Later, we go horseback riding at the ranch (away from the bison, of course). With wide-open prairie as far as the eye can see, it’s easy to imagine what it was like as a pioneer rancher. After our ride, we head to The Senator’s Restaurant, the ranch’s award-winning restaurant, which is known for its huge bison burgers and steaks.
Cheyenne has taken great care to preserve its history. The Old West Museum and Nelson Museum of the West are two museums that document the region’s Western heritage. The Nelson Museum was built to preserve the western culture and “cowboy code” that founder Robert L. Nelson lived in his Wyoming youth, while the Old West Museum aims to preserve the Western legacy of Cheyenne Frontier Days. The museum has an extensive collection of Western artifacts, including a collection of vintage carriages that are brought out for Grand Parades.
Modern Twists on Western Culture
While Cheyenne relishes its past, the town has marched squarely into the future. That’s evident at Accomplice Beer Co., a brewpub located in the historic Cheyenne Depot. Built in 1886, the depot was one of the most beautiful railroad stations in the United States. Today, it has been lovingly restored and is a local icon.
Free concerts are held throughout the summer in Depot Plaza, and the depot houses a museum that details its history.
Accomplice Beer is the main draw, however. In a very modern space, you can purchase a beer card and then draw your own draft at their taps. The brewery makes beer using only water, farm-grown barley, hops, and select yeasts. From the looks of the people eagerly sampling their products, they have been a huge success. Accomplice is a sister establishment to Wyoming’s Rib and Chop House, which is known for their steaks, fresh seafood, and yummy baby-back ribs.
Chronicles Distillery is a recent addition to the Cheyenne scene. Brothers Chase and Aaron Lester use real fruit to create their popular Lemonade Vodka and Strawberry Rhubarb Whiskey. The brothers handmade the stylish bar furniture in their establishment in the historic Asher Building.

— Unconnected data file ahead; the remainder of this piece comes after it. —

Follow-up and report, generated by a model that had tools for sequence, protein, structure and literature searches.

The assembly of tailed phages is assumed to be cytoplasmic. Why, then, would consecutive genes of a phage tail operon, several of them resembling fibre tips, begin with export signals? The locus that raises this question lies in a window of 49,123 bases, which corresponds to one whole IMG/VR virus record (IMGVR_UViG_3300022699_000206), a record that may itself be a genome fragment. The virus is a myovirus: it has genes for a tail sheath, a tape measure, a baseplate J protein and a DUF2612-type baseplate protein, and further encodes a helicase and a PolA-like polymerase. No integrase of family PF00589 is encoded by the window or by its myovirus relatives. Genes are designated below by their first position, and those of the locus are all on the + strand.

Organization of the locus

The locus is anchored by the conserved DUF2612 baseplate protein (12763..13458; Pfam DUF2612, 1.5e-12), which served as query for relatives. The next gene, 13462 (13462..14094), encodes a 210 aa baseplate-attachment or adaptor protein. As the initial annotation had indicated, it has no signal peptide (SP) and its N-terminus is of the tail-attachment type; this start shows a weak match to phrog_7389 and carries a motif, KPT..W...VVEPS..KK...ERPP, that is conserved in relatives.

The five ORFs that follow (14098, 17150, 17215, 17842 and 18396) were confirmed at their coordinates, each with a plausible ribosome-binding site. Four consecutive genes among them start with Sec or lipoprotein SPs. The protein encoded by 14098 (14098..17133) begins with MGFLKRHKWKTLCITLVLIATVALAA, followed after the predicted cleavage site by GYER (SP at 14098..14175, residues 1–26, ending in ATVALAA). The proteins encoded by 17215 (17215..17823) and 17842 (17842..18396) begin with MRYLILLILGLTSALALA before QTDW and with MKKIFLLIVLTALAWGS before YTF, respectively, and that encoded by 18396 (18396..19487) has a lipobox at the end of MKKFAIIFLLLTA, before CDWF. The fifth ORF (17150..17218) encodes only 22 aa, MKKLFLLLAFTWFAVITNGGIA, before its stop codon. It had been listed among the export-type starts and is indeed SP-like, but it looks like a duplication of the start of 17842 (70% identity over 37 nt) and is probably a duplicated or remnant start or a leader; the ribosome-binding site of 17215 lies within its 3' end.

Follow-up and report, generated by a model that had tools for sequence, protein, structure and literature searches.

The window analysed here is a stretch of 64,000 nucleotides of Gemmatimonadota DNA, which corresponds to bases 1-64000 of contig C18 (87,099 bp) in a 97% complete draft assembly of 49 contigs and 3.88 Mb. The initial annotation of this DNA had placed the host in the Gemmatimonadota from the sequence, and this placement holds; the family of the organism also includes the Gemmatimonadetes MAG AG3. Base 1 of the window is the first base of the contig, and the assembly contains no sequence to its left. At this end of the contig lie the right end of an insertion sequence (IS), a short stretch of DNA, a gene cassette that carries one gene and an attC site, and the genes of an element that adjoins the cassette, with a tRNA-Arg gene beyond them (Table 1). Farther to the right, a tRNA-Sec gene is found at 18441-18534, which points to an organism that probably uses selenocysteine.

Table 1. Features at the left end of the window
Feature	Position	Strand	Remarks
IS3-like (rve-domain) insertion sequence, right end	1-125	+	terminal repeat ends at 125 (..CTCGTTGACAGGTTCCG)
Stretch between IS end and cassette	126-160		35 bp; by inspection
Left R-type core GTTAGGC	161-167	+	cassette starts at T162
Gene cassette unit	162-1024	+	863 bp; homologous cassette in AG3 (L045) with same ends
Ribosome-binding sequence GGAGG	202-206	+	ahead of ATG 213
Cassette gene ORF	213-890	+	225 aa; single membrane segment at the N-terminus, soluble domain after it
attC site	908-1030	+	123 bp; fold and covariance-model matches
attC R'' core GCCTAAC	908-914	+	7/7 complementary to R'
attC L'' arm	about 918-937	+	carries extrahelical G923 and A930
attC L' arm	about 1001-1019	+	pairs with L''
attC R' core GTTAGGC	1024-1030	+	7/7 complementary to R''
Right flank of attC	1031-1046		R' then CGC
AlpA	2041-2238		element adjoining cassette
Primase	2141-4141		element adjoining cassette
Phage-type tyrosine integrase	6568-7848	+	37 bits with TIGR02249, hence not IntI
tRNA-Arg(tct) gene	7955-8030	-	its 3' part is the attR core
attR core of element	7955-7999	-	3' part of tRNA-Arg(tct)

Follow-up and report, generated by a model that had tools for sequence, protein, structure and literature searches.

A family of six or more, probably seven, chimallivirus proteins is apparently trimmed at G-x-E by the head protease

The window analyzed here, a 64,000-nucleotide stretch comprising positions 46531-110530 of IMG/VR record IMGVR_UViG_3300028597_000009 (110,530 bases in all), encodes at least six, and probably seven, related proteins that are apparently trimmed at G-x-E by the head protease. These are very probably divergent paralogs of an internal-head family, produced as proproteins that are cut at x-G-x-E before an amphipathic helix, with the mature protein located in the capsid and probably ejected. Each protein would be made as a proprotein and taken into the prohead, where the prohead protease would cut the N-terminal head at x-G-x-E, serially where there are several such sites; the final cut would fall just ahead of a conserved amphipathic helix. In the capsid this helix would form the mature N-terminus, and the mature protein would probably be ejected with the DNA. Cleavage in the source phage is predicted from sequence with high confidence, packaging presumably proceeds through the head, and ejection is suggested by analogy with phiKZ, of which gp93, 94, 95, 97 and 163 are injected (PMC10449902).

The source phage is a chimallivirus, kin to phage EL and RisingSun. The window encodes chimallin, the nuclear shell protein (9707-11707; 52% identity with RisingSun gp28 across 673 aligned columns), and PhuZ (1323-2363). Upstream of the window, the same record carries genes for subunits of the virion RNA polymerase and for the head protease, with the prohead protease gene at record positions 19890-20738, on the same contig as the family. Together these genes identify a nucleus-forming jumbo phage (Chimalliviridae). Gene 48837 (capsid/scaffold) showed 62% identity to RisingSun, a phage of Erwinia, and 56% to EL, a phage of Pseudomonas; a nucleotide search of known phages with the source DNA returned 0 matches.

The most popular nightlife scene in Cheyenne, however, can be found at the Outlaw Saloon, which has live bands nightly and the largest dance floor in southeastern Wyoming. The mechanical bull is a favorite draw with my friends, and they ride it again and again.
How to Get to Cheyenne
While Cheyenne does have an airport with many regional flights, the nearest big airport is Denver International Airport. From there, it’s about a 1.5-hour drive to Cheyenne.
Cheyenne has many inns and hotels. On past visits, I’ve stayed at the Nagle Warren Mansion B&B, a luxury inn in a historic Victorian home. The mansion has been beautifully restored, and the rooms are well-appointed.
This time, I was happy to discover Little America, a lovely resort with 188 guest rooms, as well as a fine dining restaurant called Hathaway’s, and a nine-hole golf course. If you plan to visit during Cheyenne Frontier Days, be sure to book your hotel ahead of time, as hotels fill quickly during the 10-day festival.
Janna Graber has covered travel in more than 45 countries. She is the editor of three travel anthologies, including “A Pink Suitcase: 22 Tales of Women’s Travel,” and is the managing editor of Go World Travel Magazine.
The author was a guest of Visit Cheyenne.